The NCAA Playing Rules Oversight Panel approved a proposal Wednesday to move back the men’s basketball three-point line in college basketball to the international basketball distance of 22 feet, 1 ¾ inches.
Since 2008, the three-point arc has rested at 20 feet, 9 inches from the center of the basket. The international three-point distance had been tested in the National Invitational Tournament the past two years, and the results from the further distance compared to those from the regular season were negligible.
Teams in the NIT converted long-range attempts at a 33 percent clip compared to a 35.2 percent mark in the regular season. The 32-team field attempted 23.1 3-pointers during the postseason tournament compared to 22.8 attempts during the regular season, too.
Virginia guard Ty Jerome shoots a three-point shot against Texas Tech during the NCAA tournament championship game in 2019. (Photo: Shanna Lockwood, USA TODAY Sports)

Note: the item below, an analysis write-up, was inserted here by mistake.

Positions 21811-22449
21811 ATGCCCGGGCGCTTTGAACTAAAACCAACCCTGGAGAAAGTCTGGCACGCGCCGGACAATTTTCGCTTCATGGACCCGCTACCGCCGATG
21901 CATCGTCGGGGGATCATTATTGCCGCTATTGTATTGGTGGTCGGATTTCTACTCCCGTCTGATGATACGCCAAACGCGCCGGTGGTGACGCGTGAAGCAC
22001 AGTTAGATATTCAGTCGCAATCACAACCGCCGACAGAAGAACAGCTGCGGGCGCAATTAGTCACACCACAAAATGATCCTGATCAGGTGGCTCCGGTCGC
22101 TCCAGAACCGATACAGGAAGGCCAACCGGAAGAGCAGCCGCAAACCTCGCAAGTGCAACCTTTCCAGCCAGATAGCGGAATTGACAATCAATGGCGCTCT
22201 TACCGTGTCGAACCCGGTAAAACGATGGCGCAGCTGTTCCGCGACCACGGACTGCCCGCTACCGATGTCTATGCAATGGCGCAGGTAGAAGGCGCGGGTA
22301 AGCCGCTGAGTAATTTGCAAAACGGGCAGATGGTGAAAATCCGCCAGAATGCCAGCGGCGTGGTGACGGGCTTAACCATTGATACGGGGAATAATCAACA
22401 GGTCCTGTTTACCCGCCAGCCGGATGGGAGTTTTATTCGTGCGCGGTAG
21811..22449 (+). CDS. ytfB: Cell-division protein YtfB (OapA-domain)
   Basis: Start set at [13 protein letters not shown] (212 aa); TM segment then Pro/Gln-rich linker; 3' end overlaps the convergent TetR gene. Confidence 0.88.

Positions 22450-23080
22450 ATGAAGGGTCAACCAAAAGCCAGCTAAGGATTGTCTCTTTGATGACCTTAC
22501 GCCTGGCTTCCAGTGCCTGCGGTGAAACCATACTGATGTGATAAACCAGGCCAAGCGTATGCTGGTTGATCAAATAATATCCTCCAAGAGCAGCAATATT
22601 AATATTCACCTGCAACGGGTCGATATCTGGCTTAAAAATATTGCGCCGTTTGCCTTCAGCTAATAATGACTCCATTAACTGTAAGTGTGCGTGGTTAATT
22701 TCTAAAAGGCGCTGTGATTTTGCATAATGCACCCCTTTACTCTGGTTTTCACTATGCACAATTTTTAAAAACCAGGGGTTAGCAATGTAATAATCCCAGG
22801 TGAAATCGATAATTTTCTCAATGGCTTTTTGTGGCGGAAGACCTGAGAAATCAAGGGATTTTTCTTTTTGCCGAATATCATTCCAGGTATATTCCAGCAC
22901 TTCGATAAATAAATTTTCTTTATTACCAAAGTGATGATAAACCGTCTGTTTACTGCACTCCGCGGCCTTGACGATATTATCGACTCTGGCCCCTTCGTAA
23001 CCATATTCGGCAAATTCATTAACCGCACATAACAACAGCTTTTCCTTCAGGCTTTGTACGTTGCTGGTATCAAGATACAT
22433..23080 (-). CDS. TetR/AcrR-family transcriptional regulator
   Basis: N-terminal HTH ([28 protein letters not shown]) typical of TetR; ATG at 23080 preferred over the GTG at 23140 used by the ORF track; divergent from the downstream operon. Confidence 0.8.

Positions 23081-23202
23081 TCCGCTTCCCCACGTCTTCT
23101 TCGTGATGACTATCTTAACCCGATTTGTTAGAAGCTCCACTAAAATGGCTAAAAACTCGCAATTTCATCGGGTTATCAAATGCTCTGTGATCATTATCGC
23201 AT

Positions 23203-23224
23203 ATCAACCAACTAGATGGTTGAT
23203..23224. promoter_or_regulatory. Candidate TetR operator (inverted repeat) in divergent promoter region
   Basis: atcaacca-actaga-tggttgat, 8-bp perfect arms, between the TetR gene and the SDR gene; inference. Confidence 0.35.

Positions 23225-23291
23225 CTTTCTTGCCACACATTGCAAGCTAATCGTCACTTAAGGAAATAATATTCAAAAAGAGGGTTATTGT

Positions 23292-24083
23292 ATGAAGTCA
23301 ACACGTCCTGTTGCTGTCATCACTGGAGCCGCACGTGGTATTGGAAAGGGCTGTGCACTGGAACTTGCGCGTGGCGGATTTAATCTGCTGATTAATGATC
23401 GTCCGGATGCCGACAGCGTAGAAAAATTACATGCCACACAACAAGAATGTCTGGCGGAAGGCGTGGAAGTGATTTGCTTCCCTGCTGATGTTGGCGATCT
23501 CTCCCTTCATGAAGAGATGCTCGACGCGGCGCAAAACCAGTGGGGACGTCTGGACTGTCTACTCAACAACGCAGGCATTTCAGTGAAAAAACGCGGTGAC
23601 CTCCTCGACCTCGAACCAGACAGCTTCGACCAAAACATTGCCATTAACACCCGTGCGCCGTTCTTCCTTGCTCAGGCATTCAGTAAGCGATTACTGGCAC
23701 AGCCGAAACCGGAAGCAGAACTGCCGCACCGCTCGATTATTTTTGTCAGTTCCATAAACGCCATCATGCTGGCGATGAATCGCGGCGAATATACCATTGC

The men’s basketball rules committee argued the change will make the lane more open for dribble-drive plays from the perimeter and will assist in offensive spacing, forcing defenses to defend more area on the floor. Also, the committee said it aimed to slow the three-point prevalence in college hoops, a rising trend in the game.
Three-point shooting percentage took a slight hit in the 2008-09 season after the arc was moved back one foot, dropping from 35.2 percent the season before to 34.4 percent. The percentage quickly rebounded. Lehigh led the nation in 2018-19 from deep, making triples at a 42.3 percent rate.
While Division I teams will incorporate the change immediately, the NCAA decided to hold off on implementation on Division II and III levels until the 2020-21 campaign “due to potential financial impact of placing a new line on courts,” a release read.
The committee also accepted a recommendation to reset the shot clock to 20 seconds after an offensive rebound in an attempt to “enhance the pace of the game,” considering the offense is already in the front court.
The NCAA announced coaches can call live-ball timeouts in the last two minutes of the second half, as well as any overtime period. Technical fouls will also be doled out for any use of derogatory language.
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